Next time, when the user clicks a post, instead of going straight to the linked site we’ll figure out how to put up one of these menus:

Example of a Hildon selector

After that, who knows? I added a long list of possibilities to the previous post, so feel free to advocate as to which you’d like to see fixed first.

22 Responses to “Writing apps for the N900, part 2 — packaging”

  1. [...] not like cold meals because of broken applications. « Writing apps for the N900, part 1 Writing apps for the N900, part 2 — packaging [...]

  2. [...] Part 2, Thomas talks about packaging. He also adds an icon to his Raeddit app, and then shows a screencast [...]

  3. Jerome Haltom says:

    Do you guys do ANYTHING about isolating apps from each other and restricting them from doing Bad Things, such as Android and the iPhone do?

  4. Jerome Haltom says:

    edit: or have plans to do so? I’ve been downright curious about the proper way to approach this issue on Linux. Android sort of hacks up user accounts to accomplish it. Which really work well, by the way. Very well. Just makes it unable to be used as a real multiuser system. Maybe that’s okay though?

  5. Faidon Liambotis says:

    So, you basically “forked” debian/control, with your own sections, Standard-Version and new fields?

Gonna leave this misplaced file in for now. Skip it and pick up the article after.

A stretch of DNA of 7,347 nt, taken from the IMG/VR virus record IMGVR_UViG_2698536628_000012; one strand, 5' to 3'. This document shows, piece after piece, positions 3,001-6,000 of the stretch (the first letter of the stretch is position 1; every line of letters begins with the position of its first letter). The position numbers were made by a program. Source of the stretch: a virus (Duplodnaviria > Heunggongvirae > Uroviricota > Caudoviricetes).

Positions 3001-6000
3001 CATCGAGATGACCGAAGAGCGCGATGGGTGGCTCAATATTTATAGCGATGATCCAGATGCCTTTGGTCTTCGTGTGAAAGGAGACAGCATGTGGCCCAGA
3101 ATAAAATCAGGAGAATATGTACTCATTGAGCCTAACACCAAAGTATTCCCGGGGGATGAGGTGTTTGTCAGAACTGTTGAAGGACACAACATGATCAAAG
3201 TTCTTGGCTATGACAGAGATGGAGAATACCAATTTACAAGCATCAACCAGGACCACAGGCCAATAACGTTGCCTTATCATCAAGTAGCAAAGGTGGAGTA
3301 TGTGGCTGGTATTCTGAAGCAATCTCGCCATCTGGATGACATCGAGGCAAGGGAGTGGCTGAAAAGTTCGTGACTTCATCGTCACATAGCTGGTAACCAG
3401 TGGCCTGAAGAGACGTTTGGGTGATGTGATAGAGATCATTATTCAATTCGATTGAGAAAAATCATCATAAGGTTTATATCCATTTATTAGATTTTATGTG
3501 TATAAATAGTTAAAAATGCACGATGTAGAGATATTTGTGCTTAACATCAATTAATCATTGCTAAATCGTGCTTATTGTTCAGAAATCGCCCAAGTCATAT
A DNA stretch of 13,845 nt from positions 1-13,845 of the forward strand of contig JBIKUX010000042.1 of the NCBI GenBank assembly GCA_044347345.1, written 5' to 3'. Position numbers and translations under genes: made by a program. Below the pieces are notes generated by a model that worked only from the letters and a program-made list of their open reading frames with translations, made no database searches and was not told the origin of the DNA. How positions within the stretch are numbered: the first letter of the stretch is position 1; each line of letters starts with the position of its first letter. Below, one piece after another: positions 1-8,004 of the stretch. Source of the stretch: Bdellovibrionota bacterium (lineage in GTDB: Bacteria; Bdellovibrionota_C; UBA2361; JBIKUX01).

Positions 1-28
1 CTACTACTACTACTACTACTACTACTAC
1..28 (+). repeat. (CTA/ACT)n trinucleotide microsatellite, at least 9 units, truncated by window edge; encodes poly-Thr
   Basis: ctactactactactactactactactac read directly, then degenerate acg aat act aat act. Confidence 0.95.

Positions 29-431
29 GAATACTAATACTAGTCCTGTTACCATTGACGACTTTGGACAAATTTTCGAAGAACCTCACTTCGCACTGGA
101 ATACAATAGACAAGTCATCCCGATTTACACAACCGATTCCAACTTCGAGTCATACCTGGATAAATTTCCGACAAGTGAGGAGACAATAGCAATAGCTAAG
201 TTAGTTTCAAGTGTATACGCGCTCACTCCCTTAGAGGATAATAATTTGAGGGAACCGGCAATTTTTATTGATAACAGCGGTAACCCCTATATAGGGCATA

Have you thought about cooperating more with the Debian community?

  6. Jerome Haltom says:

    I second what Faidon says.


  7. aklapper says:

    @Faidon, @Jerome: Adding a “XB-” header is not a fork but the defined extension headers’ prefix. Please read the Debian packaging policy plus Wikipedia for the definition of “fork”.
    And for future reference please don’t post complete nonsense.

  8. Faidon Liambotis says:

    I’m well aware of what XB- fields are, what a fork is (there were quotes for a reason), and I’m perfectly aware of the Debian packaging policy, probably better than you are (I’m a DD).

    Your comment doesn’t help and neither is your attitude.

  9. For those who are curious about the “B” in “XB-”, see Section 5.7 of the Debian Policy Manual. Short version: it stands for “binary”.

  10. @Jerome: I’m not “you guys”, I’m just writing this as an individual. I’m not sure I understand the question, though: why are processes more likely to interfere with one another on a phone than they are on a desktop machine?

    @Faidon: I don’t know; I didn’t design the Maemo packaging policy. I’m just writing this as an individual. You could ask on http://talk.maemo.org if you want to find rationales for the way things are done.

    @Marius: Thanks.

  11. I forgot to mention that I really like this series of posts. Thanks!

  12. Jerome Haltom says:


    Because given a market where apps are published in, with users not capable of making security decisions, people will publish apps that create bot nets and other undesirables. It will happen.